It is the hesitant speech of what I take to be mostly non-actors which coupled with Menges camerawork (using natural light, I think) that gives the film is naturalistic qualities. The interiors were shot on 35mm and the exteriors on 16mm and this works well. As with Kes, Menges brings to the image something that is simultaneously ‘realist’ but also ‘magical’ and perhaps ‘romantic’. Certainly it feels different compared to the more observational, but ‘immediate’, style of Barry Ackroyd seen in most of Loach’s later films in the 1990s and 200s. I was pleased to go back and discover a paper I’d forgotten about by Deborah Knight entitled ‘Naturalism, narration and critical perspective: Ken Loach and the experimental method’ (part of the collection edited by George McKnight, Agent of Challenge and Defiance: The Films of Ken Loach, Flicks Books 1997). Knight tries to rescue Loach from the critical attacks from both right and left. The attacks from the right are not surprising and shouldn’t really trouble us, but Loach certainly deserves to be defended from Colin McCabe and those Screen theorists who held to the notion of the ‘classical realist text’ and how it is inevitably a bourgeois form. This isn’t the place to discuss that debate in detail but it’s interesting that Knight traces the development of naturalism back to the novels of Emile Zola with their direct exposition of social ills in the industrial regions of North East France and how they influenced British novelists like Arnold Bennett and George Meredith. She then traces the influences through to the so-called ‘Angry Young Men’ of 1950s writing in Britain and the New Wave films of Tony Richardson, Lindsay Anderson and Karel Reisz. Loach, she argues is in this tradition. What McCabe sees as a weakness – the the influence of the realist literature of the late 19th century – she sees as a strength and she argues that it is one of three distinctive features of British ‘naturalist’ drama. It’s partly that the realist novels discussed contemporary social issues, but also that they focused on working-class and lower middle-class characters – ordinary people living through social changes. Secondly she picks out the emphasis on dialogue in British Cinema, partly influenced by the theatrical tradition, but also by the celebration of regional voices through various forms of popular entertainment. And finally she emphasise the importance of location shooting. This latter has always struck me as related to a general enthusiasm for documentary in the UK since the 1930s.
The attempt to offer a more socially-committed historical drama ties Black Jack to films like Comrades (dir. Bill Douglas 1986) and Culloden (dir. Peter Watkins, 1964). In terms of literary adaptation it follow Tony Richardson’s Tom Jones (1963) and precedes Michael Winterbottom’s radical take on Jude (1996). In terms of British genre cinema it has links to Witchfinder General (dir Michael Reeves, 1968) and Rob Roy (dir. Michael Caton-Jones, 1995). All of these films, set at different times from the 17th to the 19th century, represent the rural regions of Britain in interesting ways and to some extent offer the possibilities of the picaresque and action-adventure found in American genres like the Western. Black Jack stands out because, despite the title, it has a pair of twelve-year-olds at its centre. Whether this makes it a ‘children’s film’ I’m not sure. I think that contemporary audiences of children would need some support in engaging with the story, which is very loosely structured, but the younger characters are both entertaining and affecting. The social commitment in the film resides in its drive to expose the conditions of the asylum and its central role for the ‘marginalised’ in society, e.g. the travelling fairground people. ‘Authenticity’ is always a tricky issue with historical films, especially those that suggest a form of realism. Black Jack features a pair of highly literate young apprentices (with no suggestion where they may have learned to write quite sophisticated letters, although Tolly does have an uncle who captains a ship). It’s the relatively large sums of money that are quoted that struck me as odd but perhaps this is intended to make it easier for audiences without the historical knowledge to follow the plot points easily.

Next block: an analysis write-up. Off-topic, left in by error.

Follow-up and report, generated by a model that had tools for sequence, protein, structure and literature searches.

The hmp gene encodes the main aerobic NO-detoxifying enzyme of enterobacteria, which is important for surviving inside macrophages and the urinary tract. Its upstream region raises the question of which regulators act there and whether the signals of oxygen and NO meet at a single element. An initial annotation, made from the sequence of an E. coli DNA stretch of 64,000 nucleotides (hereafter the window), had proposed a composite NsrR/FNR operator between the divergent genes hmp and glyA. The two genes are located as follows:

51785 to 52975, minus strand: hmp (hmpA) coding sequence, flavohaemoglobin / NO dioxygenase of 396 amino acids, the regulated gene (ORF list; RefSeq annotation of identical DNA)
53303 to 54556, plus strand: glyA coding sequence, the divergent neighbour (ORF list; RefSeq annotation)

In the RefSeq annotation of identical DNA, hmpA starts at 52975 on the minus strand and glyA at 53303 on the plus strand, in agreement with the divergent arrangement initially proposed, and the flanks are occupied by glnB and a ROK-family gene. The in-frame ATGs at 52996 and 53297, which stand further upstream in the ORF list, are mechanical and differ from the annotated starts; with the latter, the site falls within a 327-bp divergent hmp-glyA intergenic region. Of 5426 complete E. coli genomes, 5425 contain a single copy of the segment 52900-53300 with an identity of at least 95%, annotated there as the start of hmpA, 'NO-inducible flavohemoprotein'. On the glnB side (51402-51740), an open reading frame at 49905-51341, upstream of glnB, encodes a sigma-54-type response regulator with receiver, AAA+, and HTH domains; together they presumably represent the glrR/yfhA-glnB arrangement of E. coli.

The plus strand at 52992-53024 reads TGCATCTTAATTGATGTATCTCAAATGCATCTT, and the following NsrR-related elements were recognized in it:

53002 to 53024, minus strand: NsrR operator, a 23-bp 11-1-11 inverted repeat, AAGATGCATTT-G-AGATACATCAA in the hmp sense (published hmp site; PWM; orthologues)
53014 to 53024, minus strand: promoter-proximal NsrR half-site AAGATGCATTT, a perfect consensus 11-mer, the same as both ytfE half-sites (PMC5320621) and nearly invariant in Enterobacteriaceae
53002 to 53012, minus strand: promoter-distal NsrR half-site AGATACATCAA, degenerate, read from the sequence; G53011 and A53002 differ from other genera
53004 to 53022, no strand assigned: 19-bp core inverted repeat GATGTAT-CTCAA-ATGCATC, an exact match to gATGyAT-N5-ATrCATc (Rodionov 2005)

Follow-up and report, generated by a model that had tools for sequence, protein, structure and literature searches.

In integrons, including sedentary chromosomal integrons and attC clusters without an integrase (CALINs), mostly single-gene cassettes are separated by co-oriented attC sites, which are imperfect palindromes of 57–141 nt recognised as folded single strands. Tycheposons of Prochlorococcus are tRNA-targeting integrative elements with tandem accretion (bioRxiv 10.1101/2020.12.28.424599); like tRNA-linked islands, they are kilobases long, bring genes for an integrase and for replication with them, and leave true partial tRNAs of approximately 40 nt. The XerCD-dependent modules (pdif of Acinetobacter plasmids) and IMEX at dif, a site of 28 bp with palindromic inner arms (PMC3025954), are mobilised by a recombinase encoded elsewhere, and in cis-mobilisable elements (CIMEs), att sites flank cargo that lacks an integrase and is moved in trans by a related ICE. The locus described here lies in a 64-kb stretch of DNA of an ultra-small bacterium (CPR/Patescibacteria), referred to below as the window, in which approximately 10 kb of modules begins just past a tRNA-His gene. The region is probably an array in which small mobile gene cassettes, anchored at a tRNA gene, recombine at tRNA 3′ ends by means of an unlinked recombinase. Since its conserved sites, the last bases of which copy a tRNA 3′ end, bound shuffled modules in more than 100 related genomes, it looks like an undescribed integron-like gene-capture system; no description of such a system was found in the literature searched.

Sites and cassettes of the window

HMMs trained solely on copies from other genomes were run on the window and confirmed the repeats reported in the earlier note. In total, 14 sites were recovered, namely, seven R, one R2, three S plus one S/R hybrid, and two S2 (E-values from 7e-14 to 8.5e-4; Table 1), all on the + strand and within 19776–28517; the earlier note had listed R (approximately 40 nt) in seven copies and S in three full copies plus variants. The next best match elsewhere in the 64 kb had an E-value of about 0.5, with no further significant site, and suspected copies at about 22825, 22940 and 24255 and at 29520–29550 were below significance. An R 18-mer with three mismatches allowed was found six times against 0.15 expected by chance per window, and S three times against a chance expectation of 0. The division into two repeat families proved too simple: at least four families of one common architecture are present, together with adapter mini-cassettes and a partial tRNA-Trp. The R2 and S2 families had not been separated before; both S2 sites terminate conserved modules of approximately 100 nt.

Overall, Black Jack is well worth exploring. It’s perhaps surprising that Loach has not made other films set in the 18th or 19th centuries – periods of enormous social change and various forms of radical politics. He has made 20th century historical dramas of course, not least The Wind That Shakes the Barley, and we’ll try and look at some more of these in due course.